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Understanding the Body's Immune Defenses Against Myeloma

A recent article in the New York Times draws attention to how cancers survive and evade the immune system and highlights a new book, "The Compatibility Gene: How Our Bodies Fight Disease."  The key point for myeloma research is that inactivation of T-lymphocyte cells and natural killer cells--which should be killing myeloma cells--occurs through a mechanism called the PD-1/PD-L1 system.

The way it works is that the myeloma cells and many other types of tumor cells have many PD-L1 receptors on their surfaces. These receptors work as a protective shield because the PD-L1 triggers the surrounding immune cells to stop working - allowing, for example, myeloma cells to grow. Research in other cancers is much further along, and novel anti-PD antibodies have been developed which block this process and allow the immune cells to attack those cancers.  There has been great success with this in patients with melanoma, some of whom have had dramatic remissions.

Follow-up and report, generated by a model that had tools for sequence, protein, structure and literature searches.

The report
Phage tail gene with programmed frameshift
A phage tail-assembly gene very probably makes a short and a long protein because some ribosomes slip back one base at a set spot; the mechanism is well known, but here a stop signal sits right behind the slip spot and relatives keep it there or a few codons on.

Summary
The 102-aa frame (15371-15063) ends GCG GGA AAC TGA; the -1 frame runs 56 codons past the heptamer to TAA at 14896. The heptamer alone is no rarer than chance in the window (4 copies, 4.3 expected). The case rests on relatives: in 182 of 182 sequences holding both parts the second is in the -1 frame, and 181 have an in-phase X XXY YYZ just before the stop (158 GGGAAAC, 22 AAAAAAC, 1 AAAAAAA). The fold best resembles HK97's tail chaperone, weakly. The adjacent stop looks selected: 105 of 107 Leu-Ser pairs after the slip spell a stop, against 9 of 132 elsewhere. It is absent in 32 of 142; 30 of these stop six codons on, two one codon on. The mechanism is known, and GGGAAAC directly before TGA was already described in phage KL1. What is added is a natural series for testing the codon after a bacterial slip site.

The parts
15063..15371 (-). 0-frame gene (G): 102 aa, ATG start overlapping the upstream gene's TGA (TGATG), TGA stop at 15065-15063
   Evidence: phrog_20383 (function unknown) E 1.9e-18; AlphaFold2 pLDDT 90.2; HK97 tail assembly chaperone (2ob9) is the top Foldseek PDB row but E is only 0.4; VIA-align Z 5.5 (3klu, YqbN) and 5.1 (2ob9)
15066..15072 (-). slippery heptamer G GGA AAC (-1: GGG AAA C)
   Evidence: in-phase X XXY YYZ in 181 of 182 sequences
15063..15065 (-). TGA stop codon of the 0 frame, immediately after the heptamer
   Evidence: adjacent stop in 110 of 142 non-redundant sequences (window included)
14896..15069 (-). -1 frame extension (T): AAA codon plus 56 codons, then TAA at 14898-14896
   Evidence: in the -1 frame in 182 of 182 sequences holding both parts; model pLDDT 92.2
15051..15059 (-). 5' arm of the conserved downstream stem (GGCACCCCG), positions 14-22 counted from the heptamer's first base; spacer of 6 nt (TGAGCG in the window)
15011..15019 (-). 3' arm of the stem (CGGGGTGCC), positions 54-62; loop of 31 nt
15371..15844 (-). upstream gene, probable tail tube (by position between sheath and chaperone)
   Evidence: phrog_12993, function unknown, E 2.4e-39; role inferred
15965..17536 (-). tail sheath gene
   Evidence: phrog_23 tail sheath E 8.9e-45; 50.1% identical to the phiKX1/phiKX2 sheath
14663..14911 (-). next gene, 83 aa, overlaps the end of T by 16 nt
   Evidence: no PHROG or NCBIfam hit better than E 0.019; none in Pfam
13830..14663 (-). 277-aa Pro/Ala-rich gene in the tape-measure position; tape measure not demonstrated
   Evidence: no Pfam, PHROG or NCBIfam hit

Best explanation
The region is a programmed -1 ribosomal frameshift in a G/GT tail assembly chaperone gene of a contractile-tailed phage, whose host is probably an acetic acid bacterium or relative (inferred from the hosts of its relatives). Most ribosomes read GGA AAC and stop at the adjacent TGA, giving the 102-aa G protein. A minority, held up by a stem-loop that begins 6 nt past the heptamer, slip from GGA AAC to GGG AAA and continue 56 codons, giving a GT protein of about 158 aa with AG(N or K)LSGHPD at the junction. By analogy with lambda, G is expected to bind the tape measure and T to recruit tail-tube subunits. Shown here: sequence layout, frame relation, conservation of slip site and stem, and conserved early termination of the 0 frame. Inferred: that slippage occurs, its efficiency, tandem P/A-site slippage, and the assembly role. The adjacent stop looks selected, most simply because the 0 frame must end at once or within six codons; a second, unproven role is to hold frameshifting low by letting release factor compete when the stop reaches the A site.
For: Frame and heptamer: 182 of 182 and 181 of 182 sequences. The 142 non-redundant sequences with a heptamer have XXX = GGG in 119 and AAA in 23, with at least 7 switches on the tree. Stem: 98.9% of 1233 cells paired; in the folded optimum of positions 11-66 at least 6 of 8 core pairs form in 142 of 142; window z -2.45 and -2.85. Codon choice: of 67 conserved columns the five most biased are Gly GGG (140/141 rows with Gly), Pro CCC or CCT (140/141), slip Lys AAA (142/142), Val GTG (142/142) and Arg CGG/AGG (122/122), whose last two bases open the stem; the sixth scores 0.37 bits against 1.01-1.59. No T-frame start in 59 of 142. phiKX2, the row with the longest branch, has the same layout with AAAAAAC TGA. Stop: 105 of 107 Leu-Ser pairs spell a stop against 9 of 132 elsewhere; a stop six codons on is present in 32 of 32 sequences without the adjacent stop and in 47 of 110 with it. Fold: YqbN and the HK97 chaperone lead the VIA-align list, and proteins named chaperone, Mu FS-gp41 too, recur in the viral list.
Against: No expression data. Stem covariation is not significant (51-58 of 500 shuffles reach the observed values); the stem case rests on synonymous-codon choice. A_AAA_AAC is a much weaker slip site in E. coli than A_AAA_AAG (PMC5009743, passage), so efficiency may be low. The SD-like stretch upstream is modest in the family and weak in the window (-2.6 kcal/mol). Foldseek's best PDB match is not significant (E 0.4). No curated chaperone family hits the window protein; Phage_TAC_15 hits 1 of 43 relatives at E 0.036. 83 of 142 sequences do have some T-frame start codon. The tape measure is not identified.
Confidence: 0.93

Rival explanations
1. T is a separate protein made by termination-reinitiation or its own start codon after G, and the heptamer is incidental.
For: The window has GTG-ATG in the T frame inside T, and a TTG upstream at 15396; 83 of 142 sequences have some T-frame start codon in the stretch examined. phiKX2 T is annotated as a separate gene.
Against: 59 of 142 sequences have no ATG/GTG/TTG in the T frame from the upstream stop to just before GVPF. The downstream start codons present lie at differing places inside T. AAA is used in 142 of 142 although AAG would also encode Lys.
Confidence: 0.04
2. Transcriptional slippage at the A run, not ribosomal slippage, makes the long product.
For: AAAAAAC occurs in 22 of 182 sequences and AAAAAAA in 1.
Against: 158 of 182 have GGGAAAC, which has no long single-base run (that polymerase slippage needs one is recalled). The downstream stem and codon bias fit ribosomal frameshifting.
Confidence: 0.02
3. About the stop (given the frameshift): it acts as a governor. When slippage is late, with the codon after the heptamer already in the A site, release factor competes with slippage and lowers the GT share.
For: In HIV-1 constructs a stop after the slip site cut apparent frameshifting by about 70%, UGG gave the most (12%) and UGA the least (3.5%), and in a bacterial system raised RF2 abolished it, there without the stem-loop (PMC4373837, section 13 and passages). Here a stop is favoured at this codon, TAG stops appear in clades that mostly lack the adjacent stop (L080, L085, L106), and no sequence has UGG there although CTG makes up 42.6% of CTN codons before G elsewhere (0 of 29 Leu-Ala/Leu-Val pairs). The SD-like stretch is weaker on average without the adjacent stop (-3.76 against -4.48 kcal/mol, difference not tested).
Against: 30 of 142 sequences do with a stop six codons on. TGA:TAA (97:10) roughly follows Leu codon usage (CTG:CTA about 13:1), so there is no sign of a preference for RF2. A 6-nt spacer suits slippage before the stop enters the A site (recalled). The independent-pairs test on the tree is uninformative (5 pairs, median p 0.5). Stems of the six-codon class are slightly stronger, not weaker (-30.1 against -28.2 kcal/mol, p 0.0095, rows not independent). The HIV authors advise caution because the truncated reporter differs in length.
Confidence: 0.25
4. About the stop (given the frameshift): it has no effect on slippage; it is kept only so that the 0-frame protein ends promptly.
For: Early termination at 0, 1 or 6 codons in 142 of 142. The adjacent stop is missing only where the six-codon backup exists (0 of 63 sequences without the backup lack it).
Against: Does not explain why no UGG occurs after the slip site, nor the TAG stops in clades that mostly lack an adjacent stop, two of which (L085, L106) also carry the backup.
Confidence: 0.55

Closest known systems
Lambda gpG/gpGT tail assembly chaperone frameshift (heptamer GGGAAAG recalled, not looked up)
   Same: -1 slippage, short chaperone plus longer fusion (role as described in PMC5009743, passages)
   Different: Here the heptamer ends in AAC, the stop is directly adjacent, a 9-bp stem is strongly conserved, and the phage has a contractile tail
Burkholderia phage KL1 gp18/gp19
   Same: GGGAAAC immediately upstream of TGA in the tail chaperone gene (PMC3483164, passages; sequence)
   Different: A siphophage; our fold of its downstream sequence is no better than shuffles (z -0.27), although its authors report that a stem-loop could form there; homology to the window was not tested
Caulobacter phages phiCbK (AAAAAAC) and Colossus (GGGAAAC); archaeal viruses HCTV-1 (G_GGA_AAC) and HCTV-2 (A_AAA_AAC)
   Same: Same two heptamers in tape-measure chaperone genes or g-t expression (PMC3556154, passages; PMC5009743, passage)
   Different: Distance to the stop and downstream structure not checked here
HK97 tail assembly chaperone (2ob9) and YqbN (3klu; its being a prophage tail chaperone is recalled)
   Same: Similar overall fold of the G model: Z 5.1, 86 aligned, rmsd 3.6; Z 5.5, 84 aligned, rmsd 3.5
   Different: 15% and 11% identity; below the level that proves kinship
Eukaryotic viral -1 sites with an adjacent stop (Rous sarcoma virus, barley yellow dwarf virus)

What about myeloma? The research is not as far along, but one anti-PD1 antibody (CT-011) has been used in early testing and shows benefit.

This is exciting because it provides an entirely new approach to attack myeloma.  Dr. David Avigan and the research team at Beth Israel Deaconess Medical Center in Boston are exploring the use of the CT-011 anti-PD antibody therapy as part of a vaccine approach to myeloma therapy. Early results are promising.